The Weird and Wonderful World of Ujicha: Violence Voyager / Burning Buddha Man

The Weird and Wonderful World of Ujicha: Violence Voyager / Burning Buddha Man first published by Sight & Sound March 2021

“Anything is possible in this world,” young Beniko hears at the beginning of Ujicha’s debut feature Burning Buddha Man (2013) – and, as if to confirm this, the speaker is a deer’s head mounted on the wall. At her desk, Beniko creates a 2D diorama with hand-drawn cutouts, in a representation of her own story which also introduces the form of the rest of the film (save for a live-action coda). For, inspired by the visuals of the animated television series Cat Eyed Boy (1976), Ujicha practises geki-mation, manipulating layers of flat cardboard models like puppets in a manner familiar from the animated work of René Laloux (Fantastic Planet, 1973; Gandahar, 1987), while adding real lighting, flames, and gross liquids (suggestive of vomit, blood and other emissions). Serving all at once as writer, director, designer, cinematographer and editor, Ujicha (real name Satoshi Okuda) is the perverse deity in his strange hermetic universe of the imagination.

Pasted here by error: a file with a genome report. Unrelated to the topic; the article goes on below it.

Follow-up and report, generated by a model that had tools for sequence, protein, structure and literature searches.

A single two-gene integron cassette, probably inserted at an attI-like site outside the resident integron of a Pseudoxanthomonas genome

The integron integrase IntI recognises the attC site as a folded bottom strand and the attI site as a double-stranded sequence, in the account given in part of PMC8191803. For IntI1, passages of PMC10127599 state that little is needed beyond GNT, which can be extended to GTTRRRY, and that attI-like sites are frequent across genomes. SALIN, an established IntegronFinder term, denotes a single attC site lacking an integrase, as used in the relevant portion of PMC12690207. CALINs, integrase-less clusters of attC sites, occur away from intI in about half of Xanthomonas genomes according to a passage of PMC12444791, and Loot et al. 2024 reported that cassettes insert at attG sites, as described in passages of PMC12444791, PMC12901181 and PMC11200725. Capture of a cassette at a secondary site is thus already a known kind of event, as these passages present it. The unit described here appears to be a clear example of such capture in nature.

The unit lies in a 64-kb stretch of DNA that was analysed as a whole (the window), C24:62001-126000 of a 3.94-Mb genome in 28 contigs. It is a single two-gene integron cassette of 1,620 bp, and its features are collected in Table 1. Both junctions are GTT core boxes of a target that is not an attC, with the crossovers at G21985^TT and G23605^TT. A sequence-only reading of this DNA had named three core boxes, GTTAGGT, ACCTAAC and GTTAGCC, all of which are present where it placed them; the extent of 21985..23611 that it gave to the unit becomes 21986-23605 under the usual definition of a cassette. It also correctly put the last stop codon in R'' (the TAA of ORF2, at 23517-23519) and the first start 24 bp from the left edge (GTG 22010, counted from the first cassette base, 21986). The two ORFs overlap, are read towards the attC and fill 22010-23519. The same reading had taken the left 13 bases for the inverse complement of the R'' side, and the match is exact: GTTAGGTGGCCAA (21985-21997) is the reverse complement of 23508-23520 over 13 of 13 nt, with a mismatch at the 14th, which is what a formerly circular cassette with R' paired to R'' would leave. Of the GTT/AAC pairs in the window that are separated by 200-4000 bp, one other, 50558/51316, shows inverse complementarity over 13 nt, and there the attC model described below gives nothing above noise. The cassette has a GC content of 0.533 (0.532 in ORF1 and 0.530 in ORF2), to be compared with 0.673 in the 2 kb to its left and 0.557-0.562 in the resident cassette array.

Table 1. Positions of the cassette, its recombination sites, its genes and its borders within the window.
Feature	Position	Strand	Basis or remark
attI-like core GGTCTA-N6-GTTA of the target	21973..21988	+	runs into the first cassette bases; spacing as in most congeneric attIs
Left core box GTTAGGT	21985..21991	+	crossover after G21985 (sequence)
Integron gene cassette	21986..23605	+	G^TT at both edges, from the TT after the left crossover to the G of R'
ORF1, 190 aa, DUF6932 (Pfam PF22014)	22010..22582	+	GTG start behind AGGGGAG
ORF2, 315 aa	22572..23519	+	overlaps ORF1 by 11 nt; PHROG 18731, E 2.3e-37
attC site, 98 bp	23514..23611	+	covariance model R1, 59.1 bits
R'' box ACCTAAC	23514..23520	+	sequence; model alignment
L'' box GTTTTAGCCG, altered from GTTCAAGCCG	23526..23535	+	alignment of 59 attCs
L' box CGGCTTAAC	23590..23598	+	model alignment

Burning Buddha Man takes its heroine on an odd spiritual odyssey through a world where humans become one with the divine in more than one way (not all salubrious), and the film’s focus on the misappropriation and monstrous modification of Buddha statues makes it literally iconoclastic. Ujicha’s second feature Violence Voyager (2018) tracks Bobby’s adventures in an amusement park full of horrifying secrets, where his cruelly accelerated coming of age is accompanied by bodily metamorphoses and destructive spurts of white goo. The visual style may be naïve and the plots childish, but both films place their characters’ transformative rites of passage in the unsettling mode of ero guro nansensu (‘erotic grotesque nonsense’), and while presenting youthful experience, their themes are too disturbing to be suitable for actual children. Absurd and unnerving, these features ooze with enough Cronenberg-esque mutations, psychosexual manifestations and body horror to keep entertained any fan of anime’s weirder byroads. 

Disc: Third Window Films two-disc Blu-ray set. In both his commentary (shared with producer Reo Anzai) and interview, Ujicha offers insights into his inspirations and working practices. The three sketch-like geki-mation shorts (The Retneprac 2, Space Yokai War, Tempura) are even more bizarre than the features, almost to the point of incoherence.   

Anton Bitel